By Matin Durrani in Beijing, China
The last couple of days in the Chinese capital have been unusually damp and cool for the middle of June. Today, however, dawned sparklingly sunny as I headed off with my colleague Mingfang Lu from the Beijing office of the Institute of Physics, which publishes Physics World, to the Beijing Computational Science Research Center (CSRC) on the outskirts of the city.
Located on a shiny new software park, this sleek, five-storey building opened in March last year and looks just how you might expect the headquarters of IKEA to be – all minimalist corridors, big glass windows and the odd work of art dotted around. There’s even a fitness room in the basement. It’s currently got 43 full-time faculty, a third of whom are physicists, making this 45,000 m2 building – roughly the size of seven football pitches – seem remarkably sparse.
But as the centre’s director – the condensed-matter physicist Hai-Qing Lin – explained to me over coffee, each faculty member will be expected to recruit a group of about 10 people. So it should fill up fairly fast. In fact, the centre already has about 160 graduate students and postdocs, as well as 40 or so associate members. Where they were, though, as I toured this cavernous building, I’m not quite clear, but things should get more crowded when a graduate school opens next year.
The centre’s work is highly multidisciplinary, focusing in particular on condensed-matter physics, biological and soft matter, data analysis, chemistry, mechanics and quantum physics. Down in the vaults of the building is what the centre is all about: a massive, black 800 teraflop supercomputer that researchers use to do their calculations.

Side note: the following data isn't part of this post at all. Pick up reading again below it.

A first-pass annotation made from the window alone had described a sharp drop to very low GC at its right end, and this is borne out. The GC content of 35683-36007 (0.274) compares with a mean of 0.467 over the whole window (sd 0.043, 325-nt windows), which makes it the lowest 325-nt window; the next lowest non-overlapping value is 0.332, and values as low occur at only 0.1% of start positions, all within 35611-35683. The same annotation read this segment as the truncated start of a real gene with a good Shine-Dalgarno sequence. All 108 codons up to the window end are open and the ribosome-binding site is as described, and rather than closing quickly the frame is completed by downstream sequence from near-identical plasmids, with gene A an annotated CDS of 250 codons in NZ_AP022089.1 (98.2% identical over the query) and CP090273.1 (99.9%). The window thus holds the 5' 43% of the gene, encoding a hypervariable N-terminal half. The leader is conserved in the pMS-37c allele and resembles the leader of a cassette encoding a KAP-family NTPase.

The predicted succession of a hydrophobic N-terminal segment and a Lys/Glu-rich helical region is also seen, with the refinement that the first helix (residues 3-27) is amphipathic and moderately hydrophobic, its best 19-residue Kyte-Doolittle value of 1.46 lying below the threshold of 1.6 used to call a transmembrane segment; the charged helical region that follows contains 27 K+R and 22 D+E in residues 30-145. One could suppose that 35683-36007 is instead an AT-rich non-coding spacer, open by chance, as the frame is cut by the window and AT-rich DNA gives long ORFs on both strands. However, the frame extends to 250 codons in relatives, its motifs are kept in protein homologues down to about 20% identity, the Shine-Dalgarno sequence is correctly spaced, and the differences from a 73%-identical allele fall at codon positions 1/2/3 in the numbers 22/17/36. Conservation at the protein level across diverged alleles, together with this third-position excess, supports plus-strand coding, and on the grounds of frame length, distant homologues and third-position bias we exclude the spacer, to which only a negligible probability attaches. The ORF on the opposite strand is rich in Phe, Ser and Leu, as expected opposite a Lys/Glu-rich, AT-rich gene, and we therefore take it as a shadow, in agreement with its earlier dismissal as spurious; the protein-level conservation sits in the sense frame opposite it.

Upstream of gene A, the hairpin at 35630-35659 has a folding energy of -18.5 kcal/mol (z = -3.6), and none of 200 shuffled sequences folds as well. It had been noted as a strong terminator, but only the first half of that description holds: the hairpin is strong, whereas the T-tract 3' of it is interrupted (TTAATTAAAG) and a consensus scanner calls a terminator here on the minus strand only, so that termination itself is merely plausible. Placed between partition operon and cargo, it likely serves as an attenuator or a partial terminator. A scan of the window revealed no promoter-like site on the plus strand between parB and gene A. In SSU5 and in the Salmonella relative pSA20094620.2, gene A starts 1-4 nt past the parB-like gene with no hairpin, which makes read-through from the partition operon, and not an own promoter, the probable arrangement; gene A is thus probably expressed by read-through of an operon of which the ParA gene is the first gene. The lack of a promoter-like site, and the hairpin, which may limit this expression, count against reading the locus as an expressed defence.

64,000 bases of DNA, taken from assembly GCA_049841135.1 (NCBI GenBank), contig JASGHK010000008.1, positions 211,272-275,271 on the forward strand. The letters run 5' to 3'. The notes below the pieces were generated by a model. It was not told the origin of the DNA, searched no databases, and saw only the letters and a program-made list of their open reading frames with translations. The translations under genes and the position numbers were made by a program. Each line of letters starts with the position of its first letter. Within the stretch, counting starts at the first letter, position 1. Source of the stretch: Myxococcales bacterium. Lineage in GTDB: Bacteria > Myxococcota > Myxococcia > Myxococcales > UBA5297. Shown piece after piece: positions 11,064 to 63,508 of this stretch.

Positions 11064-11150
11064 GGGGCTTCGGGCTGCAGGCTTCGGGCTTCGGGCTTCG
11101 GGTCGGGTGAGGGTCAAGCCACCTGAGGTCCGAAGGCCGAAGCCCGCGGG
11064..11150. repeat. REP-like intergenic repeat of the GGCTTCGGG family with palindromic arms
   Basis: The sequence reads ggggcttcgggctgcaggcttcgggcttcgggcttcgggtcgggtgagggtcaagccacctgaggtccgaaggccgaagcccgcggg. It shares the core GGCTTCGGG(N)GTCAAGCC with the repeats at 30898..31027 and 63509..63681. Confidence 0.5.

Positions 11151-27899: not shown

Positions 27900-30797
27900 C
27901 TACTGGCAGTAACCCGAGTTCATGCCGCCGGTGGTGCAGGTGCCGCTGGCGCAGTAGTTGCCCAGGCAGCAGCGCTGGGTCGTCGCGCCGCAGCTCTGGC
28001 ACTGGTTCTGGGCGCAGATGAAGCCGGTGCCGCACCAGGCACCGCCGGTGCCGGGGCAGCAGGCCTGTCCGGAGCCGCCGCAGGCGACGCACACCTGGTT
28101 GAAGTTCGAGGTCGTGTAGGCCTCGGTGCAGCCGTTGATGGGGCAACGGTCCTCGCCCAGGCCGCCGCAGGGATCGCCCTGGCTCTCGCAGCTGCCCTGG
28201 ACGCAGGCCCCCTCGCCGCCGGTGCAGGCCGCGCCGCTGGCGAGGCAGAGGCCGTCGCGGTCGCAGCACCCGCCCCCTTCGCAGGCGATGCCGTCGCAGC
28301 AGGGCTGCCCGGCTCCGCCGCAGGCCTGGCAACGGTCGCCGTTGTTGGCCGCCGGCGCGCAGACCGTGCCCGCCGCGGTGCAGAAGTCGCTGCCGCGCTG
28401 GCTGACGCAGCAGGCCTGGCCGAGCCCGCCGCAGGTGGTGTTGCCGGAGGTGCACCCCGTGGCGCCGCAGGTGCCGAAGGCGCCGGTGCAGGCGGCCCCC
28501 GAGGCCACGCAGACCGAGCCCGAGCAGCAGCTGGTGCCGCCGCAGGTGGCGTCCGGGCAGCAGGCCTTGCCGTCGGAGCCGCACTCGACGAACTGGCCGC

Built by the National University of Defense Technology, the machine is so complex that it uses “a significant part” of the the CSRC’s annual budget to keep it cool, according to Lei-Han Tang, head of the centre’s complex-system division, as he showed me round. In fact, the machine is so in demand that all time on it is fully booked until the end of this year. Fortunately for the director, 12% of the computer’s time is discretionary so I guess he gets to use some of it himself.
One thing that surprised me is that the centre doesn’t have any collaborations with local firms on the software park. They include DiDi, the Chinese version of taxi-firm Uber, in which Apple has just invested $1bn. While the centre’s focus is on cutting-edge basic research, it surely can only be a matter of time before one of its many staff or students comes up with a clever idea that someone in China will make a lot of money from.